Effect of enteral administration of insulin on intestinal development and feeding tolerance in preterm infants: a pilot study

Arch Dis Child Fetal Neonatal Ed. 2002 Mar;86(2):F131-3. doi: 10.1136/fn.86.2.f131.


Objective: To determine in a pilot study whether enteral administration of insulin to preterm infants (26-29 weeks of gestational age) would enhance gastrointestinal development and reduce feed intolerance without adverse effects.

Design: Eight preterm infants were given 4 U/kg/day insulin enterally from 4 to 28 days of age. Lactase activity was measured at 28 days of age, while measures of feed intolerance were made throughout the hospital stay. The results were compared with those of a matched historical cohort of 80 preterm infants.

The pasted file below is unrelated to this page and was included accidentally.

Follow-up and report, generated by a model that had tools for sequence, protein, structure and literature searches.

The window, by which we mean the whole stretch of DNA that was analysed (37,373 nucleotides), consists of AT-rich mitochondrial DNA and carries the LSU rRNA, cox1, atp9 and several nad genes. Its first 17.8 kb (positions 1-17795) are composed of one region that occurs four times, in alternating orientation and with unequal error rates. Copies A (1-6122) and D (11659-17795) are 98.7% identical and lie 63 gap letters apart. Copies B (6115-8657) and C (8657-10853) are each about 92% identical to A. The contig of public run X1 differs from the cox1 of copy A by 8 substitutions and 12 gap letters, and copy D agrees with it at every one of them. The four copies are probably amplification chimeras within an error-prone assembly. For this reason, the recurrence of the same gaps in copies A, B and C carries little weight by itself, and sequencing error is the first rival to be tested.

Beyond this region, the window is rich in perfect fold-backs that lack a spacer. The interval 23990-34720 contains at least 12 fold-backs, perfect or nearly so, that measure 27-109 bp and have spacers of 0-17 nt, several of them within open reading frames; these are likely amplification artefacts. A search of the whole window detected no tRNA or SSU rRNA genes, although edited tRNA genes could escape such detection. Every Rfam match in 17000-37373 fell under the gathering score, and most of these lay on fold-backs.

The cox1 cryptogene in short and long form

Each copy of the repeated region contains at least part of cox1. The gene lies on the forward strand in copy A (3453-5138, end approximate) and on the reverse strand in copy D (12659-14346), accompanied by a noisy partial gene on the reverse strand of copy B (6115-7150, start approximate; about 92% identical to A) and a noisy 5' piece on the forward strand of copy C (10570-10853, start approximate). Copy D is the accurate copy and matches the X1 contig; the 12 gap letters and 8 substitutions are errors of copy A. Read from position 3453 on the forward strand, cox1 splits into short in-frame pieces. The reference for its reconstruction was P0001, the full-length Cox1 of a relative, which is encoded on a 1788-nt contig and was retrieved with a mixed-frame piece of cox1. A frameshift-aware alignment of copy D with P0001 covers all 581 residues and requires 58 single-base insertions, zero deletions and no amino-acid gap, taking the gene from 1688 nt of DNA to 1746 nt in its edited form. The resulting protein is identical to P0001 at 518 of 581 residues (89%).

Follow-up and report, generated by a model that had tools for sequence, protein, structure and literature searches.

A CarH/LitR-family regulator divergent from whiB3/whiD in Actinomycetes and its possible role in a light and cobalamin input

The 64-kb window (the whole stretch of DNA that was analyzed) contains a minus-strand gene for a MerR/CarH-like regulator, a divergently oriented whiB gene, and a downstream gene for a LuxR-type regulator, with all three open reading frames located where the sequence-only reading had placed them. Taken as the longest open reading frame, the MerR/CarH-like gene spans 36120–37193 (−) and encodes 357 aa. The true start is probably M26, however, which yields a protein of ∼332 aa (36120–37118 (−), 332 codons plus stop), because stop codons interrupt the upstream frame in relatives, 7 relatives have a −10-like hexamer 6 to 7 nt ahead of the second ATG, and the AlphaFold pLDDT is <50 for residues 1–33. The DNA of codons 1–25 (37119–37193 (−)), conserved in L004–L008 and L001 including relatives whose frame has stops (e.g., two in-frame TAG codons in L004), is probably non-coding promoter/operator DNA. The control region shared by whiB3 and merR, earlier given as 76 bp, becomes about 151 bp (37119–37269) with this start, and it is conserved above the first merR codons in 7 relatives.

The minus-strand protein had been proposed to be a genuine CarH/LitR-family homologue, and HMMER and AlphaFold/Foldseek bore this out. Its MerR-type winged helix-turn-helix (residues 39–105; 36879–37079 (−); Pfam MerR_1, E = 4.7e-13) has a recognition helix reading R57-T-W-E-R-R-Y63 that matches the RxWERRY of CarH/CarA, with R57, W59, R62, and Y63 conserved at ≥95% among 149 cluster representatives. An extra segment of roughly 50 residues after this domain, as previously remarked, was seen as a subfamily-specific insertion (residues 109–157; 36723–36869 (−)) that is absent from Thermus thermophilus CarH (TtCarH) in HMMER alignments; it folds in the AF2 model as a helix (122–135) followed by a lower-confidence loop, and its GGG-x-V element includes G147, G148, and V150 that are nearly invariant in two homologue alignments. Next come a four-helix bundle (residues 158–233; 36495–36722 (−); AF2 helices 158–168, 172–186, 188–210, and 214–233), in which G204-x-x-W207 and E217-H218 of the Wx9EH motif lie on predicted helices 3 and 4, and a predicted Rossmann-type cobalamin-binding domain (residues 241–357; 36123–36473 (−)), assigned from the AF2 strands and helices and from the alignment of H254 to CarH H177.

Setting: Tertiary care, university affiliated hospital.

Main outcome measures: Lactase activity and feed intolerance.

Results: No adverse effects, such as hypoglycaemia, were observed after administration of insulin. The infants who received insulin had higher lactase activity and less feed intolerance than the controls (30% shorter time to full enteral feeds; fewer gastric residuals per infant).

Conclusion: These preliminary data suggest that enteral insulin administration may be of benefit in reducing feed intolerance in preterm infants. A randomised, blinded trial is warranted.

Publication types

  • Research Support, U.S. Gov't, Non-P.H.S.

MeSH terms

  • Digestive System / drug effects
  • Digestive System / enzymology
  • Digestive System / growth & development*
  • Enteral Nutrition
  • Gastric Emptying / drug effects*
  • Humans
  • Infant Nutritional Physiological Phenomena / physiology*
  • Infant, Newborn
  • Infant, Premature / physiology*
  • Insulin / pharmacology*
  • Lactase
  • Pilot Projects
  • Time Factors
  • beta-Galactosidase / metabolism


  • Insulin
  • Lactase
  • beta-Galactosidase